Document Detail


Evaluation of natural change of skin function in split-thickness skin grafts by noninvasive bioengineering methods.
MedLine Citation:
PMID:  17083588     Owner:  NLM     Status:  MEDLINE    
Abstract/OtherAbstract:
BACKGROUND: Autologous split-thickness skin grafts (STSGs) are considered the mainstay for the treatment of large full-thickness wounds. There have been few studies reporting the natural change of the skin function in STSGs after procedure, however. OBJECTIVE: The objective was to evaluate the natural change of the skin function in STSG using noninvasive bioengineering methods. METHODS: Eighteen patients were eligible for the study. The skin functions of the graft and the control site were evaluated by an evaporimeter, corneometer, mexameter, and cutometer at Postoperation Days 0.5, 1, 2, 3, 6, 9, and 12 months. RESULTS: Transepidermal water loss (TEWL) of the graft was maintained around that of the normal skin. The values of the skin hydration testing generally decreased during the follow-up period. Erythema was highly maintained for the whole period. For the pigmentation, the ratio tended to increase after 6 months. The skin pliability of the graft was abruptly decreased at 0.5 month, and it recovered from 3 to 12 months. The value did not reach that of the normal skin, however. CONCLUSION: Our results showed that the STSGs had changed within the frame of the skin function, including the TEWL, epidermal hydration, color, and pliability, throughout 1 year after surgery. The authors have indicated no significant interest with commercial supporters.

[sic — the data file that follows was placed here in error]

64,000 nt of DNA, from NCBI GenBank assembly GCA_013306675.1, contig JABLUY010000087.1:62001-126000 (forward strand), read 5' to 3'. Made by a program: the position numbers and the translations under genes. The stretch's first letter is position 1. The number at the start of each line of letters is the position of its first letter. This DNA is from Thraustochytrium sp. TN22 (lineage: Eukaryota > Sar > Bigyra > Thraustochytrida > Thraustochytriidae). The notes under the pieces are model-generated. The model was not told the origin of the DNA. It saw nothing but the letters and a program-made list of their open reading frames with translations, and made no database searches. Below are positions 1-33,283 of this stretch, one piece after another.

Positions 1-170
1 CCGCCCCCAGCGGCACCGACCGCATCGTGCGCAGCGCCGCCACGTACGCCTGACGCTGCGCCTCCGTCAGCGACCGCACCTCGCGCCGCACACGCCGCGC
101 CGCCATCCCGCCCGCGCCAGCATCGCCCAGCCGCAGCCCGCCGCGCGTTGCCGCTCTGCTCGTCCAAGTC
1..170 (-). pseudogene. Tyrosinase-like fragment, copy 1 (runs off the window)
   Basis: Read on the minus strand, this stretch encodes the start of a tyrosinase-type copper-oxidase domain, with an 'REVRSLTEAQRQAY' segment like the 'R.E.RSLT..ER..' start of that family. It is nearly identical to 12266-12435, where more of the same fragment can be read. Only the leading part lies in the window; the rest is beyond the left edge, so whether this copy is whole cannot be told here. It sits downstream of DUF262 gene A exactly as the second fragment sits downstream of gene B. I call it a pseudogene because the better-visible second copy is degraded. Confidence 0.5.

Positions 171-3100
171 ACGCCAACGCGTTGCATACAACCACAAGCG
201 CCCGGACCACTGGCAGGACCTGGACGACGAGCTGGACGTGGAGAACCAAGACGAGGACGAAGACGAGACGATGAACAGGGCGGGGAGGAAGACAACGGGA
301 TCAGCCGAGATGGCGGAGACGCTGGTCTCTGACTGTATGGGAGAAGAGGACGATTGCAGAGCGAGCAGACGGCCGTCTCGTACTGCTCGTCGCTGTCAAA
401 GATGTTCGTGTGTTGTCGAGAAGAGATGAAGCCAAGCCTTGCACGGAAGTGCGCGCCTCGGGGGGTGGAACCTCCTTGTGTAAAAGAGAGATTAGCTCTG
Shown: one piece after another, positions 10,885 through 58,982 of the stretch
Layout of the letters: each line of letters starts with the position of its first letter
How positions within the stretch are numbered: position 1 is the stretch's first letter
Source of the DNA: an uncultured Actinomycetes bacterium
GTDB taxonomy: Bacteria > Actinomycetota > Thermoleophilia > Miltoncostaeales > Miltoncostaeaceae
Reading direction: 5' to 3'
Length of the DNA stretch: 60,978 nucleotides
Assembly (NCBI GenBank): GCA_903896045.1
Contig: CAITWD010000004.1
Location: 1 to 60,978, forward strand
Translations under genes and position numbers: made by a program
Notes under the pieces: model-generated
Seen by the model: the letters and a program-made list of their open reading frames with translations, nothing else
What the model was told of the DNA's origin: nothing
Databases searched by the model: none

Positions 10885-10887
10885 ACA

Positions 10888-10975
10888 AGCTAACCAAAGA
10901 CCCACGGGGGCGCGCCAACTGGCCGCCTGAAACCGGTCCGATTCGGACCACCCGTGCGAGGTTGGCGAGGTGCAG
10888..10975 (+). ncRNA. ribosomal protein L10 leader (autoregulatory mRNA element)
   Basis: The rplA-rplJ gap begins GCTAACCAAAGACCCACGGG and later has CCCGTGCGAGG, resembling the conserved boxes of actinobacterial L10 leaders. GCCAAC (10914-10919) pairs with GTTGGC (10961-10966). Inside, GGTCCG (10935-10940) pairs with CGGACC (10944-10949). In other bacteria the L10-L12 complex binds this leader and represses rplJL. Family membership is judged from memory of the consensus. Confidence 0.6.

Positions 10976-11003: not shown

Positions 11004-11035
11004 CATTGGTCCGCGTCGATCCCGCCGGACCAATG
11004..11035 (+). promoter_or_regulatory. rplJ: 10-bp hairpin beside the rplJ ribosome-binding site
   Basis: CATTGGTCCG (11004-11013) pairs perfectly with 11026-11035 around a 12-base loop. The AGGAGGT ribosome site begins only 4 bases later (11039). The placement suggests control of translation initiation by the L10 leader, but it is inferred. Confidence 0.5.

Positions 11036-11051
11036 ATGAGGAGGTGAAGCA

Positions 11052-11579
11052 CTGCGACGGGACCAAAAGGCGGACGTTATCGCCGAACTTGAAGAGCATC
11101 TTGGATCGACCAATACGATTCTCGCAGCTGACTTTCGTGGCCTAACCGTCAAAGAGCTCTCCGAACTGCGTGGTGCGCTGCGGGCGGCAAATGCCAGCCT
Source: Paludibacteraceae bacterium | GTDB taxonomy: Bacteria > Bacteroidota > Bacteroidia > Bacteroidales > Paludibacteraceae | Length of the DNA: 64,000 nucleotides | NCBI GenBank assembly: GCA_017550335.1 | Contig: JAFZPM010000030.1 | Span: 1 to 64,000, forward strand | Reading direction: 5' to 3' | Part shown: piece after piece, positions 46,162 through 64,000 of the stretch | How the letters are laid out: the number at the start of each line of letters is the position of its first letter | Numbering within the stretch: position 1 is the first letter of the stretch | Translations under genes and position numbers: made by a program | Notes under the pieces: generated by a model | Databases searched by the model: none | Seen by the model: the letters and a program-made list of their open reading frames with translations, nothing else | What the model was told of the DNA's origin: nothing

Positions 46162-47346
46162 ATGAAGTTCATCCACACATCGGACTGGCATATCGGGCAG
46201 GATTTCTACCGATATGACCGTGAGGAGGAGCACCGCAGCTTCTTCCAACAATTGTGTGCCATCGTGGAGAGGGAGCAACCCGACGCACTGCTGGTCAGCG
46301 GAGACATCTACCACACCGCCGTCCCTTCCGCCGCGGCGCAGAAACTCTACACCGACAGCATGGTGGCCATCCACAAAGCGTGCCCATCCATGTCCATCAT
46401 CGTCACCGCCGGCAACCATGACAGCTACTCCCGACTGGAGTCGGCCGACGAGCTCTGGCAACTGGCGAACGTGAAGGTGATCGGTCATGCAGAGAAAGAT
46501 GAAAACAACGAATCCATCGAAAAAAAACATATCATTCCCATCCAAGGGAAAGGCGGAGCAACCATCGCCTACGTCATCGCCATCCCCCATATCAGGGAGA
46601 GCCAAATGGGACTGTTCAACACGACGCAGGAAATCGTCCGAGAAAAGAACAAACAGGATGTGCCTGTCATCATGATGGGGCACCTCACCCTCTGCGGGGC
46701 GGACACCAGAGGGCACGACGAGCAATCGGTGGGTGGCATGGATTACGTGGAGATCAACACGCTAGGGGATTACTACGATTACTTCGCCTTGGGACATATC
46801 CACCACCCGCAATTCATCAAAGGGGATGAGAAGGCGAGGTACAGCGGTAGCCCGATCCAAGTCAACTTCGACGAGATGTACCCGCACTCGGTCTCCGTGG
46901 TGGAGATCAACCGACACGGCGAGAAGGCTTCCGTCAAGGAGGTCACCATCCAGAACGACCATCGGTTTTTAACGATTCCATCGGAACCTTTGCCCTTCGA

Authors:
You Jeong Kim; Mi-Yeon Kim; Paik-Kwon Lee; Hyung Ok Kim; Young Min Park
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Publication Detail:
Type:  Clinical Trial; Journal Article    
Journal Detail:
Title:  Dermatologic surgery : official publication for American Society for Dermatologic Surgery [et al.]     Volume:  32     ISSN:  1076-0512     ISO Abbreviation:  Dermatol Surg     Publication Date:  2006 Nov 
Date Detail:
Created Date:  2006-11-06     Completed Date:  2006-12-14     Revised Date:  2008-11-21    
Medline Journal Info:
Nlm Unique ID:  9504371     Medline TA:  Dermatol Surg     Country:  United States    
Other Details:
Languages:  eng     Pagination:  1358-63     Citation Subset:  IM    
Affiliation:
Department of Dermatology, Kangnam St Mar'y Hospital, College of Medicine, The Catholic University of Korea, Seoul, Korea.
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MeSH Terms
Descriptor/Qualifier:
Adolescent
Adult
Aged
Biomedical Engineering
Child
Graft Survival
Humans
Male
Middle Aged
Skin / injuries*,  surgery*
Skin Physiological Phenomena
Skin Transplantation / methods*
Treatment Outcome
Water Loss, Insensible

From MEDLINE®/PubMed®, a database of the U.S. National Library of Medicine


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